Five fantastic earth-saving innovations

Every year on 22 April, we join more than 192 countries in celebrating Earth Day. It’s an opportunity for us to reflect on how we can look after the health of our planet, protect it for the future and reverse some of the damage that’s already been done. Here are five fantastic earth-saving innovations to inspire you:





Elijah Djan invented Nubrix when he was just 11 years old.
Image: The Observers

Only about 5% of South African households recycle their waste paper, meaning the other 95% are sending theirs to the already overflowing landfills.

When Elijah Djan saw his lecturer dad burning a pile of old textbooks, he knew he had to come up with a better way of dealing with waste paper. He was only 11 at the time, but he was also fully aware of South Africa’s housing crisis, and so the idea for Nubrix was born: A brick made from waste paper.

Today, Elijah is a third-year industrial engineering student at the University of Pretoria and he’s turning Nubrix into a business. While more durability tests need to be done, he has subjected his waste-paper bricks to rain and compression tests, and built a Nubrix wall that’s still standing a year later. The hope is that in the near future there will be a very real drive towards sustainable innovation from government and the building sector. This will hopefully peak their interest in products such as Nubrix, and help patch our social fabric and the planet brick by brick.

Read more here.


The Ocean Cleanup



The Ocean Cleanup’s mission is to free our oceans from plastic waste.

From one boy inventor to the next. The Ocean Cleanup Array, a system that could potentially relieve the ocean of 7 250 000 tons of plastic waste, is the brainchild of a Dutch teen, Boyan Slat. It comprises solar-powered spinning booms that act as a floating barrier and uses the ocean’s currents to catch and concentrate debris. The first prototype was launched for a year-long study in June 2016 in the Netherlands’ Northern Sea.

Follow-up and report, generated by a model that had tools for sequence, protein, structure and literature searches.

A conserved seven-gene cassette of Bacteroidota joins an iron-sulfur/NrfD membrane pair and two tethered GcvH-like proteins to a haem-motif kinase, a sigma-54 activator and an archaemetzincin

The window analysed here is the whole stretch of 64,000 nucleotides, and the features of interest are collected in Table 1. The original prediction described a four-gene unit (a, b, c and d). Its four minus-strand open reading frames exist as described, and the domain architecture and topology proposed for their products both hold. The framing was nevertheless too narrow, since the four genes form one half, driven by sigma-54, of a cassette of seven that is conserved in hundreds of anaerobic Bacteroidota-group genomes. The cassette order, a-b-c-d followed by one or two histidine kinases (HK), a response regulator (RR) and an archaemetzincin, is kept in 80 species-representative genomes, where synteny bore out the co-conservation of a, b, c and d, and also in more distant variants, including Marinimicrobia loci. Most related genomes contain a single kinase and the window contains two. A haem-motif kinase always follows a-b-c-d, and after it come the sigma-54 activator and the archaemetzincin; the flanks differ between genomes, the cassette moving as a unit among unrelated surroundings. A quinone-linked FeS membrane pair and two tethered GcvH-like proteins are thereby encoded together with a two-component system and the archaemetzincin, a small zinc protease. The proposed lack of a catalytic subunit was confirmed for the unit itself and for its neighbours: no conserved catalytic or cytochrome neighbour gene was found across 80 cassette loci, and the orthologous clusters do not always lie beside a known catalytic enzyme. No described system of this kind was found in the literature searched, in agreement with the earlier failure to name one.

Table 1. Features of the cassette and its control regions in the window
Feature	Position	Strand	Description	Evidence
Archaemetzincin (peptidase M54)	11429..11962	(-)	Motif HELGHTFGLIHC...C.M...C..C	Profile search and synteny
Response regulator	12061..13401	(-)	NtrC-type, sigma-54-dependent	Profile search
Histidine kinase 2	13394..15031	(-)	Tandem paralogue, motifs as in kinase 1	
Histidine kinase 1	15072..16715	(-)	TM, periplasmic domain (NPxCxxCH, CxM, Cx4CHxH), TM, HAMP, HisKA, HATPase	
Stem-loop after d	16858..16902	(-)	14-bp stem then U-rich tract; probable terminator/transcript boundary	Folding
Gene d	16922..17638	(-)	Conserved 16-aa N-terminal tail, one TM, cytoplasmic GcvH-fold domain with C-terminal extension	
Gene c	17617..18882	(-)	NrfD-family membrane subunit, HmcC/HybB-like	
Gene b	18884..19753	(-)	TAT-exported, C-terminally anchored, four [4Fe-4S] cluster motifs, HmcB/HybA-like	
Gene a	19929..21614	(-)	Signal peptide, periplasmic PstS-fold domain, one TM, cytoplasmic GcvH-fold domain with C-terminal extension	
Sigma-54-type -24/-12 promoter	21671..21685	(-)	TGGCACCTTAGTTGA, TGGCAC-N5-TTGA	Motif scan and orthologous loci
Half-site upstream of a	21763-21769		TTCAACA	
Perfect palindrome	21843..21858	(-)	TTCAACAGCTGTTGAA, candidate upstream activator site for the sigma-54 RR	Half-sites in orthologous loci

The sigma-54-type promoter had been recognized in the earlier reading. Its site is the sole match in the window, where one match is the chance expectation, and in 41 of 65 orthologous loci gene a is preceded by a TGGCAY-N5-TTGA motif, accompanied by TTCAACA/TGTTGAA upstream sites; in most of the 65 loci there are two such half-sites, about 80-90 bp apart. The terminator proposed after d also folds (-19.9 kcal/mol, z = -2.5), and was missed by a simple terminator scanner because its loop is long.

Considering we’re dumping over 8 million tons of plastic waste into the ocean every year, we’re holding thumbs that the Ocean Cleanup brings salvation to our precious marine ecosystems.

Read more here.


The WAIR “smart scarf”



WAIR is a chic new take on pollution masks.
Image: WAIR

It’s estimated that air pollution leads to the deaths of over 5.5 million people around the world every year. In South Africa, government is aiming to introduce a carbon tax for businesses that produce excessive amounts of CO2. But a French startup has a more fashion-forward take on the issue. They’re making pollution masks look chic through WAIR – a scarf that doubles up as an accessory and an air-filtration mask.

Wearers simply cover their mouths and noses with WAIR while a hidden, lightweight battery-operated air filtration box purifies the air they breathe. The scarf can filter out 99% of air pollutants and even bacteria, and the wearer uses WAIR’s app to keep track of the air quality in the area.

Read more here.





GlasPro UV glass makes man-made structures safer for birds. Left: what humans see. Right: what birds see.

About two-thirds of South Africa is urbanised, which means that, more than ever before, we’re encroaching on our wildlife’s homes.

A wide variety of bird species, for example, are attempting to survive in these unnatural and dangerous new habits. Reflective, transparent materials such as windows cause hazardous collisions that kill millions of birds every year. GlasPro has come up with a simple, yet effective innovation to keep our feathered fellow citizens safe: Bird-friendly glass coated with UV liquid that makes it visible to birds. Human eyes can’t detect the UV liquid, so from our perspective, it doesn’t change the appearance of the glass.

Read more here.


Tenkiv Nexus solar water purifier



The Tenkiv Nexus uses solar power to purify water.

It’s estimated that 1 in 8 people worldwide doesn’t have access to clean water and now, during the current dry spell here in the Western Cape, we’re once again reminded of the importance of this vital resource. Local government is realising the need to find alternative sources of water, instead of just relying on rainwater, while there’s a global drive to keep our dams and rivers pollution-free.

A project called Tenkiv Nexus could solve some of the world’s water woes. It uses solar energy to purify over 1 800 litres of water at a time. The team behind the project says that Nexus works at one-thirteenth of the cost of traditional solar and is 20% cheaper than traditional fossil-fuel-powered water purifiers.

Read more here.

Whether you think big like the Ocean Cleanup or small and simple like WAIR, doing your bit for the planet starts with you, at home. Look at ways you can save water and use electricity wisely every day. So take that first step for our planet: contact Energy Partners Home Solutions for ideas on how you can make your home greener and more energy-efficient. 


Author EPHS

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